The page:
You have been adding images to your blog posts, but have you been describing them? If not, you are missing one key ingredient to optimizing your copies further.
This article explains the reasons for using image alt tags and shows you different techniques to do it right.
Why Do You Need to Use Image Alt Tags?
Also known as “alt texts” or “alt descriptions,” image alt tags are text snippets accompanying an image. Because of this definition, many, including marketers, confuse them with captions. But they have significant differences:
- Captions are visible. You usually see them below in the photo. Meanwhile, you will never know if a website uses an alt tag unless you right-click an image and inspect its elements. You can also view it if you have a poor internet connection or low bandwidth.
- Image alt tags are shorter. Contrary to popular belief, Google or other search engines do not impose a strict character limit for alt texts. However, they have recommendations. With captions, you can make them as long as you like.
- Captions can only indirectly impact search engine optimization (SEO). Unlike alt attributes that can positively influence search engine ranks, captions do not. However, they can indirectly impact SEO by improving user experience (UX).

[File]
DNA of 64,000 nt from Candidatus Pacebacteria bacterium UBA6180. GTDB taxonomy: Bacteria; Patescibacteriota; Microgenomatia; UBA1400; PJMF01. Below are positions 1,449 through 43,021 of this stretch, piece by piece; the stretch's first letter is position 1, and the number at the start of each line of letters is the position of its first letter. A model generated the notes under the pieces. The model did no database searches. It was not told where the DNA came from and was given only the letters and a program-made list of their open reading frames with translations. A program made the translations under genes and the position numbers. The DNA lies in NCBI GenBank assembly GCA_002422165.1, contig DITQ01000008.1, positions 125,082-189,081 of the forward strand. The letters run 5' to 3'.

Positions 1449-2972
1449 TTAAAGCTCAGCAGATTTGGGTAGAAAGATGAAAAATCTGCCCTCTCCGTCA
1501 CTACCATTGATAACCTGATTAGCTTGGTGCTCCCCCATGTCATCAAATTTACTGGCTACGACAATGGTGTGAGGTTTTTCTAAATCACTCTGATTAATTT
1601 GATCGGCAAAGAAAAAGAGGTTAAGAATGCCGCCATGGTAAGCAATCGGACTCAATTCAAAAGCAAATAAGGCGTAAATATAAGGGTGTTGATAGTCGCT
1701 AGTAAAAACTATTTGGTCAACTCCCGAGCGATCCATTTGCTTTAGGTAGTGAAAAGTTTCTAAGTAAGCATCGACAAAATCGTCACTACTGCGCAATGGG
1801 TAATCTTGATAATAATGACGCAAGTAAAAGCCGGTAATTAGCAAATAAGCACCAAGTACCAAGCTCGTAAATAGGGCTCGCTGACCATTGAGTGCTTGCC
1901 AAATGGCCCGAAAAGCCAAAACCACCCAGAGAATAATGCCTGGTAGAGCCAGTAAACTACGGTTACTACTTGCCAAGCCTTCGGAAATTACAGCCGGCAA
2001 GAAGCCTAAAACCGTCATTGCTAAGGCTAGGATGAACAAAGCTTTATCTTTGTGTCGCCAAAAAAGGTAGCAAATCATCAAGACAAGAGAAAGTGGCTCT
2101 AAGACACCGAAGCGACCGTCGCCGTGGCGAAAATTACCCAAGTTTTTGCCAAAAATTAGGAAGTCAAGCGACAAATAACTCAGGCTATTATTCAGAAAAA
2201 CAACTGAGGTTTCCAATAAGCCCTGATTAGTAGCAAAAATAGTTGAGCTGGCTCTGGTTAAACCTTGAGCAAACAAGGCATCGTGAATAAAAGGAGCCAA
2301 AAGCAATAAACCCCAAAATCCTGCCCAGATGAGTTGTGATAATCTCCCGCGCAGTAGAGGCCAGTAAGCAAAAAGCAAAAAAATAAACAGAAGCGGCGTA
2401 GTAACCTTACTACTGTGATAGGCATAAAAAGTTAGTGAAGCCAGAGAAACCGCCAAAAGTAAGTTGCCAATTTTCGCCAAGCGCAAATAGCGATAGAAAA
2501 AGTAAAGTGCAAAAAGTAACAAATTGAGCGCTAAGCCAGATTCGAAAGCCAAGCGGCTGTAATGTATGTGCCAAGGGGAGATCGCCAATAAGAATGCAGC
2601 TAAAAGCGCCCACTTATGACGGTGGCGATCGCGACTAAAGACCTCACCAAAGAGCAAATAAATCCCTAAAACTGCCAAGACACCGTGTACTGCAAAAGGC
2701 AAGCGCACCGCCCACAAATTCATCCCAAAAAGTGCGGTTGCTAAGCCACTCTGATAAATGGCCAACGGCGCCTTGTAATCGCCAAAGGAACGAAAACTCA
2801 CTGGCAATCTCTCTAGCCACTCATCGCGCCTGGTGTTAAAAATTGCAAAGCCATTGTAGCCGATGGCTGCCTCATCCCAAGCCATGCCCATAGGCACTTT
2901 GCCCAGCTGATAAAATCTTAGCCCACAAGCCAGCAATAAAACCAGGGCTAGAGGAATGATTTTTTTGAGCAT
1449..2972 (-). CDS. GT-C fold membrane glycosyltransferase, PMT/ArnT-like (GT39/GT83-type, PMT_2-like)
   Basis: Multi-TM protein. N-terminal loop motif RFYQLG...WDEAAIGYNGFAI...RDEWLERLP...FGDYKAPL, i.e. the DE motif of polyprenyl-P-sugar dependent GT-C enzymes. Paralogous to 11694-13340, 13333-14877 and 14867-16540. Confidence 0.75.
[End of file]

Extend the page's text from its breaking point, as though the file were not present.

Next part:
Now that we have clearly defined image captions and alt tags, let us get down to business. What are the main benefits of using alt texts, especially in SEO? We have two answers:
- Site crawlability
- Web accessibility
1. Image Optimization Enhances Website Crawlability
Marina Turea of Digital Authority Partners (DAP) explains the concept of crawlability well. But for the sake of discussion, here are the major points, especially how search engines build massive databases.
- Search engines such as Google function like libraries. They store and organize pages according to various categories and keywords. This way, they can provide you with the right website every time you make a query, a.k.a. type what you want to search for.
- And like libraries, these search engines do not make their books or collections. They rely on publishers, such as bloggers and marketers, for content.
- To update their catalogs, they send spiders with two important jobs: crawl the page and understand the content to ensure search engines can index the site properly.